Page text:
this one is too expensive for me though. i think the best thing for people complaining about the price is they have the hang drum which still sounds awesome for a lot cheaper.

good to know this one is a quality product though. they're classy guys i wouldn't expect anything less than to make nice packaging and a good manual on top of it all.


Feb.28.2008 @ 10:26 PM
Adam Schabtach
It is worth mentioning, in case there are any gamelan devotees in the audience, that they did the right thing and sampled _pairs_ of the metallophones so that you can accurately recreate the distinctive beating of the paired-and-tuned instruments.

These guys should get some sort of award for ethnomusicology. Nobody has ever done as minute an examination and reproduction of gamelan instruments.

(a gamelan devotee. Feel free to PM me if you have an extra copy of Colin McPhee's book that you'd like to sell, ha ha.)


Feb.29.2008 @ 12:55 AM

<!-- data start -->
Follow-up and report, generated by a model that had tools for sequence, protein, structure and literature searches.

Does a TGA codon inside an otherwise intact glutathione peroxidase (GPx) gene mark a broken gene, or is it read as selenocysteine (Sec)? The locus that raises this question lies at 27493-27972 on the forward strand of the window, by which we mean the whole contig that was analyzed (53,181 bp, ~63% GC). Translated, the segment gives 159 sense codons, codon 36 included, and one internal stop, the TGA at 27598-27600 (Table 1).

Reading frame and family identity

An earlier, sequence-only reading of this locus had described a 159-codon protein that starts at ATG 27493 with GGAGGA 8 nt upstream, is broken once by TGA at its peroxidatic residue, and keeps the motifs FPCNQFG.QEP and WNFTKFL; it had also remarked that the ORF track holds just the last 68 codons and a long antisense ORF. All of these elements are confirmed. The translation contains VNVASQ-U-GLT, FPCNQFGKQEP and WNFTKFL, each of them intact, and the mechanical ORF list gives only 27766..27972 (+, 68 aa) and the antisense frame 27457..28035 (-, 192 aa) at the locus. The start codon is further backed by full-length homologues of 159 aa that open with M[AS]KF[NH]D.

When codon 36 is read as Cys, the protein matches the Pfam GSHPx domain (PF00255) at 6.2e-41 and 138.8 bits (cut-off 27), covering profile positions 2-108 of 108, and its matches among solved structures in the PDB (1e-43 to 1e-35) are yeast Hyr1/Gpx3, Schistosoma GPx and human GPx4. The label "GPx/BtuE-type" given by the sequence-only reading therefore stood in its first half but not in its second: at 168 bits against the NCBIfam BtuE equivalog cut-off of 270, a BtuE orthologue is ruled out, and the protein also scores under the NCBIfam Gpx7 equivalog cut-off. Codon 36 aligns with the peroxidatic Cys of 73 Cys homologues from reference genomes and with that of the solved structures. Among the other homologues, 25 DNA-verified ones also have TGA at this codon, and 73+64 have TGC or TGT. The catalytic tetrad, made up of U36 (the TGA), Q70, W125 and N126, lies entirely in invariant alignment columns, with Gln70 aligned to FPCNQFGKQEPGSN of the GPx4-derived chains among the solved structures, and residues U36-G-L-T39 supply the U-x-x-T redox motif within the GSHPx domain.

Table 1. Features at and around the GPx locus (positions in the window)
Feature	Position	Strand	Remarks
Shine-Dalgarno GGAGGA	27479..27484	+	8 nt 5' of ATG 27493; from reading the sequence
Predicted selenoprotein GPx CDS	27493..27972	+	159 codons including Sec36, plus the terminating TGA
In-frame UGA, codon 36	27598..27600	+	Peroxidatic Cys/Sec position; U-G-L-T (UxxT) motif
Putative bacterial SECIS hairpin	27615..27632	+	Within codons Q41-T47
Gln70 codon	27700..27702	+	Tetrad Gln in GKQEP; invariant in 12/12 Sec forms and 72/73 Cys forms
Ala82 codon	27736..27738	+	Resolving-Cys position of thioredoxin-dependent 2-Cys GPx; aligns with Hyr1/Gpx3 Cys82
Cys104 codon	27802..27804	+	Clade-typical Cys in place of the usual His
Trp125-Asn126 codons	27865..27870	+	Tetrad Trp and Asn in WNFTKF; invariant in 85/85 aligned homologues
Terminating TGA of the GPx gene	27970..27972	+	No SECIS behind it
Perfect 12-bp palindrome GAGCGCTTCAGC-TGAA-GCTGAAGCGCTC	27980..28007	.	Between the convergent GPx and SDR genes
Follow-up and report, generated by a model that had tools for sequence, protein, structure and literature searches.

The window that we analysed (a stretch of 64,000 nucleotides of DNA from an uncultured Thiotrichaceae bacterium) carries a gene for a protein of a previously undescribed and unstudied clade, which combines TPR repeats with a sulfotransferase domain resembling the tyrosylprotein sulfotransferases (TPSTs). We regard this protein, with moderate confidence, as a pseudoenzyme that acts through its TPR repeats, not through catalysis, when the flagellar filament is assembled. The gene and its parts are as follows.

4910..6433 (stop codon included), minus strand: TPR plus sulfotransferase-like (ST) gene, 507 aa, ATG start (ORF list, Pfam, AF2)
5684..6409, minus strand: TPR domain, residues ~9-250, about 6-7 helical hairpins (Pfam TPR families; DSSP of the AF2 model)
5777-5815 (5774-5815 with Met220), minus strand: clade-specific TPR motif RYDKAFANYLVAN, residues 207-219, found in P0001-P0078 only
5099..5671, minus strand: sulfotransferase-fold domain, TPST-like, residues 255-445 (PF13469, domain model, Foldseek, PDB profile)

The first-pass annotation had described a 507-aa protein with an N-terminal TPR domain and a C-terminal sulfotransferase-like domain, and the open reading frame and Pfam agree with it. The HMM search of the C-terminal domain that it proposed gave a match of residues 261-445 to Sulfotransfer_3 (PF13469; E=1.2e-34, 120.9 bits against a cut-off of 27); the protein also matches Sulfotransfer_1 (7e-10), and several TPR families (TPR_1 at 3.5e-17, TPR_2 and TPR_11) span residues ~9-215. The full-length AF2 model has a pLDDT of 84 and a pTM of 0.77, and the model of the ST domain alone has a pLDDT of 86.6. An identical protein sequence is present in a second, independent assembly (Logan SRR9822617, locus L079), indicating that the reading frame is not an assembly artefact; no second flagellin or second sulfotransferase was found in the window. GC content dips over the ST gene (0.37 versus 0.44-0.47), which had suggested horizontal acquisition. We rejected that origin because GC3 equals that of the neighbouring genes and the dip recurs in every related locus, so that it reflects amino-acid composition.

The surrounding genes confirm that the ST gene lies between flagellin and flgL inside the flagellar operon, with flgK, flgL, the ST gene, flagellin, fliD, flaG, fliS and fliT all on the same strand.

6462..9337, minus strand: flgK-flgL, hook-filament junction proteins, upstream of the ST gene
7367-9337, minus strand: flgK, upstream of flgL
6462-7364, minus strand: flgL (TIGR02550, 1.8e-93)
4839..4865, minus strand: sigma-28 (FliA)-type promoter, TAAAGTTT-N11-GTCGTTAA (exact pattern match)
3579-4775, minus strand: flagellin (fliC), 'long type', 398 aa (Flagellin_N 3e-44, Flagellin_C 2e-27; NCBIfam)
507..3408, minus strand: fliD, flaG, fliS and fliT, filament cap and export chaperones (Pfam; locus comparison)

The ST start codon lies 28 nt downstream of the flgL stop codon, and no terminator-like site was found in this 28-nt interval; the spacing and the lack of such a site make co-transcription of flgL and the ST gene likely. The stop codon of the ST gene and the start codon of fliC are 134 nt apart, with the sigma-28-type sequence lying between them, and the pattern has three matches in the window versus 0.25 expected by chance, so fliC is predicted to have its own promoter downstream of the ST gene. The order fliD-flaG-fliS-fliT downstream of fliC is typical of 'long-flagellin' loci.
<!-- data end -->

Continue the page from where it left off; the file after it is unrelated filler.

They are quite nice. I saw Turangalila performed recently which features some killer gamelan action, as well as some great Ondes Martinet.

The second they posted the pre-release info on this, it instantaneously jumped to the top of my "esoteric, expensive things I would love to buy if I couldn't spend my money better". I think it probably replaced the spot held by the Hartmann Neuron (mostly a conceptual love, I've been a bit disappointed with demos I've heard).

I knew Gamelans were notoriously varied in tuning. I've heard that each has it's own unique tuning, which makes sense given the origins and instrumentation. Have you tried mixing the instruments with our more traditionally tuned western instruments? If so, how much hassle was involved from the harmonizing/tuning/avoiding unsightly beat frequencies from hell front?


Feb.29.2008 @ 1:35 AM
Am i right in reading from your description that they kept the tuning the way it should be and didn't fuck with it to try to make it even tempered? If so, this makes it onto my "to get sometime, when I don't have something more pressing to spend the money on, so probably not for at least a couple of years." list.

Feb.29.2008 @ 1:50 AM
Chris Randall
You're correct. There is even a script included which will tune other Kontakt instruments to the Gamelan patches.